James Milner’s journey from exciting prospect, through byword for blandness to the centre of a supposed tug of love between Arsenal, Liverpool and Manchester City is complete.
The Citizens are 1/5 favourites to keep their man, with the 7/2 Gunners marginally ahead of the Anfield outfit (4/1) to house him at the end of the summer window.
Well-deserved warmth from the Champions League chasers for an underrated player it is too.
Yet it may also be representative of the shifting recruitment needs of the top teams in relation to UEFA’s home-grown players ruling, with clubs limited to 17 squad members who undertook their football education outside the British Isles over the age of 21.
Arsenal’s squad for the season just finished included only five British-trained stars of 22 or older.
The fact that one of them, Nicklas Bendtner, seems certain to leave the Emirates this summer makes the need for a serviceable replacement a pressing one.
However, Milner’s current employers seem to have belatedly realised the oddly integral role he plays in the club’s squad and wish to keep him in the fold for the 9/5-rated bid to retain their title next term.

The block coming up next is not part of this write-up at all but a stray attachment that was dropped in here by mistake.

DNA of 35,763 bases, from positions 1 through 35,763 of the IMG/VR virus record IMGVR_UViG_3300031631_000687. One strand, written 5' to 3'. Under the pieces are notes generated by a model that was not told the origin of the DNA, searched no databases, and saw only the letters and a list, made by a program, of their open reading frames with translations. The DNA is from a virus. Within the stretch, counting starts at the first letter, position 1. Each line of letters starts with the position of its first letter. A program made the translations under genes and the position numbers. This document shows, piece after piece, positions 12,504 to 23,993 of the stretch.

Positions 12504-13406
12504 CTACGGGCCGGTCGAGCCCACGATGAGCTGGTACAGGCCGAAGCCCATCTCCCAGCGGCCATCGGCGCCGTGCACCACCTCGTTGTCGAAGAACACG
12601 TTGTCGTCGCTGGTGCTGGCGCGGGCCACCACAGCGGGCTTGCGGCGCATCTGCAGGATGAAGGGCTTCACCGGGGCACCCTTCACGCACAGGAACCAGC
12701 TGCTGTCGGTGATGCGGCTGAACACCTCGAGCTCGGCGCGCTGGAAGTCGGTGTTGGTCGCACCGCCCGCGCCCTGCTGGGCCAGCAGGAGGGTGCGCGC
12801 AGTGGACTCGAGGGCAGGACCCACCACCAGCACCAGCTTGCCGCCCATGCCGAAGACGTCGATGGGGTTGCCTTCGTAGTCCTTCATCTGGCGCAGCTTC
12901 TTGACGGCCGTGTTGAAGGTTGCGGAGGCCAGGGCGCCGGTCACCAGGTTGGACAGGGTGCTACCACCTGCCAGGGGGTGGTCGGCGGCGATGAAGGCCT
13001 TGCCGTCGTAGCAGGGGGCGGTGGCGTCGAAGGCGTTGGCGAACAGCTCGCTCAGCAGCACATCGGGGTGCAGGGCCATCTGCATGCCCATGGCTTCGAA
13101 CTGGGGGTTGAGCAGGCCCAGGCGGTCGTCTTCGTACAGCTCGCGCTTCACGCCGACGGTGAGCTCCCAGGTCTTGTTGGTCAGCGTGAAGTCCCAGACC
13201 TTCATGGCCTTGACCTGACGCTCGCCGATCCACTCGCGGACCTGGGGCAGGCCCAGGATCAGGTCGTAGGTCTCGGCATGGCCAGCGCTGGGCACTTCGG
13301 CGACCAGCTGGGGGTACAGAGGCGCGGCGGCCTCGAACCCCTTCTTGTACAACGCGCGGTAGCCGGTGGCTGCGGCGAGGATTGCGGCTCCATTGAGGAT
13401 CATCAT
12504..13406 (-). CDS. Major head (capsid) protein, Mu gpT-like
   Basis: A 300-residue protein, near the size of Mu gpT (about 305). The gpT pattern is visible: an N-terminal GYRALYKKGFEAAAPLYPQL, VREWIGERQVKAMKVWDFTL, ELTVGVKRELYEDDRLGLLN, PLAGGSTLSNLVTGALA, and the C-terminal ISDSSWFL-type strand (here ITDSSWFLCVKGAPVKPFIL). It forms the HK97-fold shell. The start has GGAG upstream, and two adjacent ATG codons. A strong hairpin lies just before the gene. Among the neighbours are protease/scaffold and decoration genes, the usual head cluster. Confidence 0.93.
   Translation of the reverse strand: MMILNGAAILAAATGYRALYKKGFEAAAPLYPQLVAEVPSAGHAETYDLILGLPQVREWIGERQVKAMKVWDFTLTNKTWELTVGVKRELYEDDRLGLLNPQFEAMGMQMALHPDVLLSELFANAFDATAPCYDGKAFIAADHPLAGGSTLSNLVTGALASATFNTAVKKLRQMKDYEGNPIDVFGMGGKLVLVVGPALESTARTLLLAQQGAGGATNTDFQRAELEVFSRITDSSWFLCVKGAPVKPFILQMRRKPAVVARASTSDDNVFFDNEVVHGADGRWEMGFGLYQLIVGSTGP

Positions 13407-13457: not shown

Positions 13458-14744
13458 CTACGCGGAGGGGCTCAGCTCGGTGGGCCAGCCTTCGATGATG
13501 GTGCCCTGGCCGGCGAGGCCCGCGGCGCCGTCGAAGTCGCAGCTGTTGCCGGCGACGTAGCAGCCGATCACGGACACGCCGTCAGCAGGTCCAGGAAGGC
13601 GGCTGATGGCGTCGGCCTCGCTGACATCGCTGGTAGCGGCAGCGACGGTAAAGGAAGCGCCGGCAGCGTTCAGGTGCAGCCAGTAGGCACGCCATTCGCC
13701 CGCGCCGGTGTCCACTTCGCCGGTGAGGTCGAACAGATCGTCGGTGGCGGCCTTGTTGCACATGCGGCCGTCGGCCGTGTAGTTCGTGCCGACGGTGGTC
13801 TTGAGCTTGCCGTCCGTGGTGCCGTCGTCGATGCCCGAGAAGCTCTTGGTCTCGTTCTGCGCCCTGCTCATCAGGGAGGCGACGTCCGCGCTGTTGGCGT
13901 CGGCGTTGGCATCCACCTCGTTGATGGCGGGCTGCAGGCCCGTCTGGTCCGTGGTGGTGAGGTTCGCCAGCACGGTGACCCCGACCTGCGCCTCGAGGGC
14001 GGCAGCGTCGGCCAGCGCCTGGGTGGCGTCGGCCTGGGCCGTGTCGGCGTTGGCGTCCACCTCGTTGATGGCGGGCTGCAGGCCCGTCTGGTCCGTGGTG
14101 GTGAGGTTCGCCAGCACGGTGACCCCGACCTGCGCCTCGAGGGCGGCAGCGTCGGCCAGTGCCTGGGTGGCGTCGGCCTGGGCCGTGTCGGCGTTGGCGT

After all, City’s squad for the triumphant Premier League campaign of 2013/14 contained 15 non-home-grown players and the exit door beckons for Englishmen Joleon Lescott and Micah Richards this summer.
Signing domestically-produced talent has long been a process in which paying over the odds is taken for granted, but this could escalate further, with Manuel Pellegrini telling the Daily Mail:
‘It’s very difficult to get the best English players because every team wants them. They are expensive and usually they are already at important teams’.
As such, Milner could become one of a select group of professional Englishmen, with the role of keeping one or other Champions League-chaser’s squad on the right side of the law, while gilding their CVs with non-essential roles in a range of silverware successes.
Chelsea targets John Stones and Ross Barkley seem primed for such roles on in the future.